So I said to James, “Bring the music that you’ve made.” They played it for me and I was like, “How did you do this?” and he said he’d do a beat tape. And that’s how that worked out. He brought it over and the next day I took all the samples and I put them in the MPC and showed him how to use the MPC somewhat. I just produced the first demos for them with the loops that he had.

Did he ever sample any of your records?

He sampled a lot of records from here, definitely.

Any ones that stand out?

No I wish I could remember. It was so long ago. I wish I had photographed the sessions, the work, the whole thing back then. I knew how much of a talent he was, but I just didn’t think about photography at the time. I was doing other things, recording, getting on tour with George Clinton, it was just moving fast. In my mind I was just helping some kids because I thought they were talented.

What was it like to see his success?

You know it was amazing to see his success, because it’s amazing to see someone succeed when you’ve made your success. From helping someone learn the technology, helping someone learn the production, introducing someone to someone [Q tip] who puts them on, and they put hip-hop from Detroit on like he did. Because my thing was always to help to put Detroit hip-hop on the map and that’s a big accomplishment for the both of us I think.

How has Detroit changed over time, musically and socially?

It’s changing all the time. I mean we went from straight ahead swing jazz from the ’30s and ’40s to the ’50s. In the ’60s you had psychedelic and rock bands that came out of Detroit, from the MC5 to Ted Nugent to Parliament-Funkadelic. It was always evolving and I think most people in Detroit think about ways of continually innovating, so I still feel like Detroit is constantly evolving. From that we go into electronic music, techno and house and there’s still some reggae and other elements of Africa here.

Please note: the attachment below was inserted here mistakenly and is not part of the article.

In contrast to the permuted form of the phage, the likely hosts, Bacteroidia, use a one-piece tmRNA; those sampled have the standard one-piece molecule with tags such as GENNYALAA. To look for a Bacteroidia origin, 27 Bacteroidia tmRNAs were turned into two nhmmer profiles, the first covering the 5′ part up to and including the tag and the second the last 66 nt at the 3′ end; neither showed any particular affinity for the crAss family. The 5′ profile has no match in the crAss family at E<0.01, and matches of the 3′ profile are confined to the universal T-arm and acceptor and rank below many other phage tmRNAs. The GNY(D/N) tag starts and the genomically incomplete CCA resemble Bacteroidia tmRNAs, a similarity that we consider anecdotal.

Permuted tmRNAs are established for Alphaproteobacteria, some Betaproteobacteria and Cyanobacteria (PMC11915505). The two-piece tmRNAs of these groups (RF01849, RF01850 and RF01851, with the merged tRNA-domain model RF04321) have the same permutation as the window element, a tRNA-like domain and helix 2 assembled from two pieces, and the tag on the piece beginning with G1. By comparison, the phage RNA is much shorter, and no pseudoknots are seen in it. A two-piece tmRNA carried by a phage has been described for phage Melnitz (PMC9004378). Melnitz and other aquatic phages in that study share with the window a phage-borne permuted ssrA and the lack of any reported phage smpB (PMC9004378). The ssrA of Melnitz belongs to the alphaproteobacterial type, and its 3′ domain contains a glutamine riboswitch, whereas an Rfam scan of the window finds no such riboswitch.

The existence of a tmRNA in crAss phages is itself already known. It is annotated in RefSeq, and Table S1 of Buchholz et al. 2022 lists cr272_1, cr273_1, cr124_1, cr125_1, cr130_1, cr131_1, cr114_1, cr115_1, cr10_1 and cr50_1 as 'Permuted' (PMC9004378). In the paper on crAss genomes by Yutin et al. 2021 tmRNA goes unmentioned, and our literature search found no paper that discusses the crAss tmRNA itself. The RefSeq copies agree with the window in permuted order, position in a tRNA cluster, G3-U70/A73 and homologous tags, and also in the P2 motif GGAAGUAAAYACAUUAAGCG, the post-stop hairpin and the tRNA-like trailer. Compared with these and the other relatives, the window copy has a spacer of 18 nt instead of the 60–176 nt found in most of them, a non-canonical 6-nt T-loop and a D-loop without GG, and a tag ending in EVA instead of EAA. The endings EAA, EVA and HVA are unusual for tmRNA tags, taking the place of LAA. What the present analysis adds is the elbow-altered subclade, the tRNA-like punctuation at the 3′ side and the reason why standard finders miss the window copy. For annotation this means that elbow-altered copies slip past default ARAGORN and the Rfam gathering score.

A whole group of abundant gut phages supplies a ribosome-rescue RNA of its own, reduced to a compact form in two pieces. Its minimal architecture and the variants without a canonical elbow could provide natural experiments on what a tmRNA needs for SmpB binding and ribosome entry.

And socially I hope that the community is coming together. Early on the city was so segregated and divided, black people didn’t know how to talk to white people and white people didn’t know how to talk to black people. The divide is 8 Mile. Where we are on 7 Mile, it’s mostly black and on 8 Mile it’s mostly a white community. They don’t like to cross. I think now that’s changing. I hope that people are becoming more sociable in the way they do things together that isn’t based so much on race.

The city is gentrifying, but I hope that the people moving in don’t disrespect the people who still live in Detroit as though they own it and owned it all the time. We should just be able to be here and be cool. That’s the way I see it.

Given that it’s constantly changing, where do you think Detroit heading musically now?

It’s all over the place now and I think it’s beautiful that people are becoming more and more successful and they are moving into the city. People like Jack White, who has this great place downtown. I think more smart people now are moving into the city and that’s where the music is going to evolve, when we just mix it up.

Someone was asking me in an interview about how I collaborate with so many different people and different levels of music and I think that’s the key to what makes things different. If I’m a soul singer and I collaborate with somebody that makes house music then OK, he’s doing something different over there because most soul singers stay in that one lane. So now I’m putting funk over to house music and collaborating with house guys or techno or even blues or even rock and roll you know? So I think that the more we start doing that the more innovative and different it’s going to get.

Amp Fiddler will perform at Dimensions Festival, 31st Aug-3rd September. More info & tickets here.